The last film I saw from a film-maker based in India (Mira Nair's fine The Namesake) has in it the line from Dostoevsky: "We all come out from Gogol's 'Overcoat.'"
Well, I'm beginning to think all motley-groups of adventurers with different skills that come in handy at particular junctures spring from The Wizard Of Oz-even the Seven Samurai and their progeny.
Think of it: Dorothy in her concussed fever-dream comes across familiars who all want, but seemingly don't possess, the very qualities that Dorothy finds wanting in an unfair world (and probably herself)--brains, heart and courage--only to tell herself in her unconsciousness that her guardians/charges/friends possessed them all along (as, she must conclude, did she). Only then, can she return to the harsh reality from which she escaped, emboldened by her new confidence, and new eyes to see her world anew as one of hope, rather than despair.
Now, here is Tersem Singh Dhandwar's (he's become mono-named ala Liberace and Prince to just "Tarsem") 2006 film (just making it now to theaters, after caroming through the international film festival circuit) of The Fall, and it's a fascinating little de-construction of the Wizard of Oz template, and quite a successful "Tell me a Story" film in that same regard, as the fantasy within the film frames the reality that creates it.
It takes place in a Los Angeles hospital ("a long time ago" reads the caption to put the audience in the proper frame of mind), and a young immigrant girl, Alexandria, whose Indian family subsists on picking fruit, is in the hospital, recovering from a fractured left arm. Her condition and curious personality allow her the luxury of having the run of the place, and in her attempt to send a note to her favorite nurse, she crosses paths with a film-stuntman, recovering from a stunt/suicide attempt because his girl had been stolen by the film's leading man.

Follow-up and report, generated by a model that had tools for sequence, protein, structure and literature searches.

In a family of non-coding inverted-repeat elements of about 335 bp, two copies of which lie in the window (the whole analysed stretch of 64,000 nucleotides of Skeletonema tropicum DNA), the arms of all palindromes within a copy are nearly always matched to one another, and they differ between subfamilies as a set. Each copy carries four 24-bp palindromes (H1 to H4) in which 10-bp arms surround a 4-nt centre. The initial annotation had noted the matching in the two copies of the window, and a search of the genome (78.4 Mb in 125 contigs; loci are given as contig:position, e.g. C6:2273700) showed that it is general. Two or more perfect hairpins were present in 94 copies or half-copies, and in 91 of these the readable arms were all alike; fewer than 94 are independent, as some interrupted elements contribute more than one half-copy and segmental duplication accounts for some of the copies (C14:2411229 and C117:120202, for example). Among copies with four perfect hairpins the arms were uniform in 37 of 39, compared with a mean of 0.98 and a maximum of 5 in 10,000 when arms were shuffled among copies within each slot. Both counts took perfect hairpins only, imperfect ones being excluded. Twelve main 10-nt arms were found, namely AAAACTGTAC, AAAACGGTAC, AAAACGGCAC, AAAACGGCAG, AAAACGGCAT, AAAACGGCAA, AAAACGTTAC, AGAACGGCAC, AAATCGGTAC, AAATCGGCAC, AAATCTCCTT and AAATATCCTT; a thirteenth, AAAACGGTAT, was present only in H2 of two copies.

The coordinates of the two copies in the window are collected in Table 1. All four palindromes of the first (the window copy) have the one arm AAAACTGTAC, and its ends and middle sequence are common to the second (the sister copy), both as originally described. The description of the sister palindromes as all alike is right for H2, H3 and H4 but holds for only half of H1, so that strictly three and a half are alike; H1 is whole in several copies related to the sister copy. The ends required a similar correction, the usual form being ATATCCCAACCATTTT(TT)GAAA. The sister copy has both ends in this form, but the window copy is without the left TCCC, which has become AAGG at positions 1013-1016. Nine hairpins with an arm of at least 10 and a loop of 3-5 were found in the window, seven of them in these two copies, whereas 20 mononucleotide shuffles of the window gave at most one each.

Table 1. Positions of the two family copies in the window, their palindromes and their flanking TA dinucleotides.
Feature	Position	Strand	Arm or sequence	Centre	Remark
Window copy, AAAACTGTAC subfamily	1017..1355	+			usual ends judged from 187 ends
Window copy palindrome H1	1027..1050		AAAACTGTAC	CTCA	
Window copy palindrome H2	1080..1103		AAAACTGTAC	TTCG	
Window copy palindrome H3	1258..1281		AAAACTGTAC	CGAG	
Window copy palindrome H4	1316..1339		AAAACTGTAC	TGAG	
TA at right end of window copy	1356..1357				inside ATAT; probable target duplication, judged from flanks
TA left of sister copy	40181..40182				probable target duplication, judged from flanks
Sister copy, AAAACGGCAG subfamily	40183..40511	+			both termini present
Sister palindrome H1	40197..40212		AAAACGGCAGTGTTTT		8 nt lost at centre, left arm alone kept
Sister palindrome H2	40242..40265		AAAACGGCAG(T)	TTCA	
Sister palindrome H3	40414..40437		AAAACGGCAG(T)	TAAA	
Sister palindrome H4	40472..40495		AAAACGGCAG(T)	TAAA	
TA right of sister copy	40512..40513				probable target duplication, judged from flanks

The two form a bond of need. She befriends him, and visits him daily for friendship and for the story that he weaves of a band of adventurers, each with their own distinctive skill-set, who, together and separately, are on a quest for revenge. He's still depressed, and uses the girl's visits and her hospital access for reasons that have nothing to do with friendship. It's a combination of high fantasy and high drama, which cannot exist together. The quest is fantastical and its melodrama (derived from silent movies) masks the very real pain of the story-teller while also reflecting it, as with Oz. When the two collide it makes for the most uncomfortable part of the film, which goes on a bit too long, and shifts the film into cruelty, but it's only a slight misstep on the way to a satisfying denouement.
The narrative works well--so well that it is almost overwhelmed by Tarsem (who directed The Cell and some mind-blowing music-video's) and his spectacular visual sense, with locations cherry-picked from 17 countries (although one suspects most of those are in one dizzying 30-second sequence) accomplished over a couple of years, incredibly enough, without the aid of digital graphics--merely the hyper-imagination and design-sense of its director. But those images stay with you for days and linger, whether they are in the out-there fantasy realm, or the way Singh shoots the drab hospital environment--his unique eye never fails to enchant.
The performances are low-key, although one has to acknowledge the actress who plays Alexandria--five years old, and with English not her native language, she learned the dialogue phonetically, even though the performance seems, at times, to be made up on the spot. Credit Tarsem for the way that Cantica Untaru plays her scenes, but also the young actress, who is this film's Dorothy and for whom the audience's heart is lifted over the rainbow.
Fortunately,there are still some film-makers out there that can use the old tools of film-making in new ways to find some way of communicating beyond the photo-realistic, and create the feeling of "the new" and make you see with fresh eyes.